Lean Manufacturing Principles Applied to a Packaging Line

Lucie Koloušková Aimtec
11. 7. 2018 | 5 minutes reading

Not many companies in our country have withstood its fundamental societal changes over the last 100 years without major fluctuations. The Swedish company SKF is one of the exceptions. It set up a business branch, and later a manufacturing branch, here just after World War I, and it’s still successfully making history today. Its plant in Chodov, near Karlovy Vary, is the largest plant for the production of lubrication systems in Europe. But as history changes, factories and their processes and systems must change too. Digital Factory means fine-tuning for not just production processes, but also those that come before or after it, such as packaging.

When SKF was analysing its bottlenecks, they found that the packaging line was among them. They sought a way to eliminate errors and increase line throughput, but meanwhile, they didn’t want to add other software alongside their SAP ERP. We thus offered to create an andon in line with Toyota Production System (TPS) principles to support lean manufacturing customised for the needs of SKF. The visualisation of indicators helps to eliminate downtimes, notifies of the current state of packaging progress and provides source materials for correcting data. 

A Signal for Better Optimisation

“Andon” is Japanese for “signal” and, and it serves differently in different types of production. But in all of them, it provides workers, supervisors and management with visual notification of each error or non-standard situation. For SKF, we chose an andon that visualises processes on the packaging line. The workers can see directly during their shift how they are doing relative to the plan, and then they can respond to the current situation. The indicators are based on data that is imported from SAP, and they are shown on the line in real time (they are updated once every five minutes). On the screen above the line, employees can monitor five main indicators that offer them quick and simple information. And because Czechs are a competitive lot, the visualisation also provides them with further motivation – thanks to the transparent plan, they can compare their shift with their colleagues’.

Andon of packaging line - SKF
Andon of packaging line - SKF

The daily plan

The simple visualisation offers a display of the number of items that should be packaged and those that have already been packaged. If the workers determine that they’ve only met 30% of the plan halfway through the shift, they know that they should talk over the situation with their superiors. Naturally a much happier situation arrives when they’re ahead of expectations. The screen shows two linked shifts; optionally they can transition to three-shift or one-shift operation. 

The work feeder

How can staff get information on how many units are still waiting to be packaged, and how can they compare it with current capacities? That’s what the Work Feeder is for. It shows whether the current work queue is manageable with the current number of workers on the shift. If the hand is in the green part, that’s ideal; if it’s in the orange part, that means a delay in shipment packaging, but still an acceptable time. Red, meanwhile, indicates a major delay.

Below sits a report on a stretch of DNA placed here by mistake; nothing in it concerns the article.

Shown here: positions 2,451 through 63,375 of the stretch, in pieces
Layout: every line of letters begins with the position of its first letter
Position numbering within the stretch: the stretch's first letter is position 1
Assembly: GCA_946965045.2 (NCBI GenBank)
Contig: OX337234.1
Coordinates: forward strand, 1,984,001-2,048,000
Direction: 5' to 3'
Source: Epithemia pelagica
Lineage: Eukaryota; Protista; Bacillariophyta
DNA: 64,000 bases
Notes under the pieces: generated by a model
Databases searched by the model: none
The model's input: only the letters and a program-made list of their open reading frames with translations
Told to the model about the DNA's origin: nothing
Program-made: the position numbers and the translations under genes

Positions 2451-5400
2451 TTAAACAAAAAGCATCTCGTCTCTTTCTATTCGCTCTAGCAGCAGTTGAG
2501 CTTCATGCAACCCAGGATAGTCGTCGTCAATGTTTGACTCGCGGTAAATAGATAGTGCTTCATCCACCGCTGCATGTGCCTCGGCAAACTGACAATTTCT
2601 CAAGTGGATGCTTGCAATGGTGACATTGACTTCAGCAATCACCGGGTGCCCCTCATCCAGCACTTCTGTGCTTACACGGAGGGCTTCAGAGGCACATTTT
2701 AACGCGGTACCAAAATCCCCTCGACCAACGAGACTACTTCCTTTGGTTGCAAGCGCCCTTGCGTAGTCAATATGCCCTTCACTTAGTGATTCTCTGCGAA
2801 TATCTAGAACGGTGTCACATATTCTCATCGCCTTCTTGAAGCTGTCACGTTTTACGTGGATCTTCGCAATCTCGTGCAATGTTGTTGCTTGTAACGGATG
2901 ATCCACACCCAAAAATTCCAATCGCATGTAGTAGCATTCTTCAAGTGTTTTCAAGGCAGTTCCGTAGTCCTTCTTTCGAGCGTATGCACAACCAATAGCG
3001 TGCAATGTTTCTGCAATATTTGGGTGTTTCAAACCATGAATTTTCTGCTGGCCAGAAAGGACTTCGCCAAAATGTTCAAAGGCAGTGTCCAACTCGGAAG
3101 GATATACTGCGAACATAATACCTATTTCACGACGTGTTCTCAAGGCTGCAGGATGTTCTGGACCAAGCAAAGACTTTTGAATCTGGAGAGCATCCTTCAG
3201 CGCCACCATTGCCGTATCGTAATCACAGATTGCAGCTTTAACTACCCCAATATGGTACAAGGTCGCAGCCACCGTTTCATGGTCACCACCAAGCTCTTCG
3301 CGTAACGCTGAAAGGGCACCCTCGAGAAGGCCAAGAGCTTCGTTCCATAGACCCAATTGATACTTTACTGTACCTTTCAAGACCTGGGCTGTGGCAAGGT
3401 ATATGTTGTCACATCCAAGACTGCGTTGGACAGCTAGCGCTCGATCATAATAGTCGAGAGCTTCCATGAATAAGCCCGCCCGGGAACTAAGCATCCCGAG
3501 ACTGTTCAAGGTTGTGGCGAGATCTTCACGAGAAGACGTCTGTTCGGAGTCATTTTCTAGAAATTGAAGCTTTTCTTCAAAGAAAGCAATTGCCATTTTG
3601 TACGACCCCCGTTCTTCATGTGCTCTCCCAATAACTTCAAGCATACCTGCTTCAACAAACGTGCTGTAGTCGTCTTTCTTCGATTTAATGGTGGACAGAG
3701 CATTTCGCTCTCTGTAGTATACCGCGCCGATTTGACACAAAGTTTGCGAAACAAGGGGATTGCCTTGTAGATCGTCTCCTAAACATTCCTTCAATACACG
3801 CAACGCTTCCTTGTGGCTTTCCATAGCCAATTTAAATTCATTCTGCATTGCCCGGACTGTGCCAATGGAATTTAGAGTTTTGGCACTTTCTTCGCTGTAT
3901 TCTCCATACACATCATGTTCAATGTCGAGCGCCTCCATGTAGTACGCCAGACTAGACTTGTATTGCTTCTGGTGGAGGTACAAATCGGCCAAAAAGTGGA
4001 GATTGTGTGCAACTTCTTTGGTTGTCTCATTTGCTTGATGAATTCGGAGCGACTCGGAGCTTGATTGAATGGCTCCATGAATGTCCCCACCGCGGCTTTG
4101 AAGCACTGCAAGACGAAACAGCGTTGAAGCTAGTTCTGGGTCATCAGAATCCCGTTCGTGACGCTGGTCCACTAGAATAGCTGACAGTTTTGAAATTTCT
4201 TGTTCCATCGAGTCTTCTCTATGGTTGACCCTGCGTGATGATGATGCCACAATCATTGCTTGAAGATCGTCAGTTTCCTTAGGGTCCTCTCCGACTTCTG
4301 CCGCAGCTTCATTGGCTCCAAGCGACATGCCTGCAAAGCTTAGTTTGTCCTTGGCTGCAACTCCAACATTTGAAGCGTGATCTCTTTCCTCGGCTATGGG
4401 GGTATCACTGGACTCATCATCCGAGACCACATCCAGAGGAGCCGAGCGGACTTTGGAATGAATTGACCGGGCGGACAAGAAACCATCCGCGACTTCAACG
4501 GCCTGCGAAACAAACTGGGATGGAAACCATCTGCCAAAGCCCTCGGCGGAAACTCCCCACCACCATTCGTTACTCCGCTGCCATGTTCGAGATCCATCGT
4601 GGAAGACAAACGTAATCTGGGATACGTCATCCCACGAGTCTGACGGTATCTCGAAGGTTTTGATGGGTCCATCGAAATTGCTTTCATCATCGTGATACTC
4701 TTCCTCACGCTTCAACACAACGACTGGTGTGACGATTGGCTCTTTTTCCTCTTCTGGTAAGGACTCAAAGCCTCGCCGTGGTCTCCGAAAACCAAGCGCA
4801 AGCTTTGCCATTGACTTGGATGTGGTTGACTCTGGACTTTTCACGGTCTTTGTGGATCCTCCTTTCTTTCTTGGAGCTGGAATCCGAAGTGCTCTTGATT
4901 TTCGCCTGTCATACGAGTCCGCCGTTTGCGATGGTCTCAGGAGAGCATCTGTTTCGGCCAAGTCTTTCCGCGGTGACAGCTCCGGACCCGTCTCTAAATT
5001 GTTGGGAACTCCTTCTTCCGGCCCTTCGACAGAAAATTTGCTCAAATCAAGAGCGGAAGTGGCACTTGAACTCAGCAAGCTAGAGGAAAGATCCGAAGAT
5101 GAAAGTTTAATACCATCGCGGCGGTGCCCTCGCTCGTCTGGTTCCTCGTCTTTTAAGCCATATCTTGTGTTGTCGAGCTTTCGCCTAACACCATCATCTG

Delayed orders

We don’t live in an ideal world, and orders are sometimes delayed at the warehouse before packaging. Thanks to the Delayed Orders screen, packagers, assembly foremen and production directors have a way to see how long which order has been waiting for packaging. There are delays that are acceptable and that thus remain within the yellow-orange field. But then there are red orders, which have been waiting for packaging and dispatching for a long time and thus need to be handled preferentially – or the data needs to be verified to preclude the possibility that the shipment has been packaged, but a data-entry error has occurred. The context here is that SKF’s quality department was sometimes taking an order from production off to be checked without registering this action in the system. This produced an artificial delay on the packaging line, where the order was not physically present. Another important case was the situation where the label was not scanned when a shipment was packaged, and thus the system still registered it as unpackaged. 

Monthly delay

The monthly delay visualises information on the average time between the production of an order and its packaging. This motivates workers towards better order processing, but it also can serve as an indicator for the plant directors regarding capacities. By implementing the andon, SKF has reduced this delay by an average of 2–3 hours. 


KaBiNeT is a special indicator summarizing all the items above, which expresses in one number the degree of success at combining quality, safety, costs and order time at a given packaging line. 


SKF CZ is originally a Swedish company, but already in 1919 they had a business branch in Czechoslovakia. Their extremely high-quality metal ball bearings gained popularity quickly and made their way into all areas of machine engineering, thus demanding the opening up of manufacturing centres here as well. After the war, SKF was covering an unbelievable 95% of rolling-element-bearing consumption in Czechoslovakia. Today, SKF offers its customers bearings of all kinds in a number of variants for a variety of application types, as well as sealing, lubrication, tools and other products and services. In 2010 SKF enriched its manufacturing portfolio by acquiring Lincoln, a renowned manufacturer of central lubrication systems, and in 2013 it laid the cornerstone of the largest lubrication-system manufacturing plant in Europe – Lubricon.

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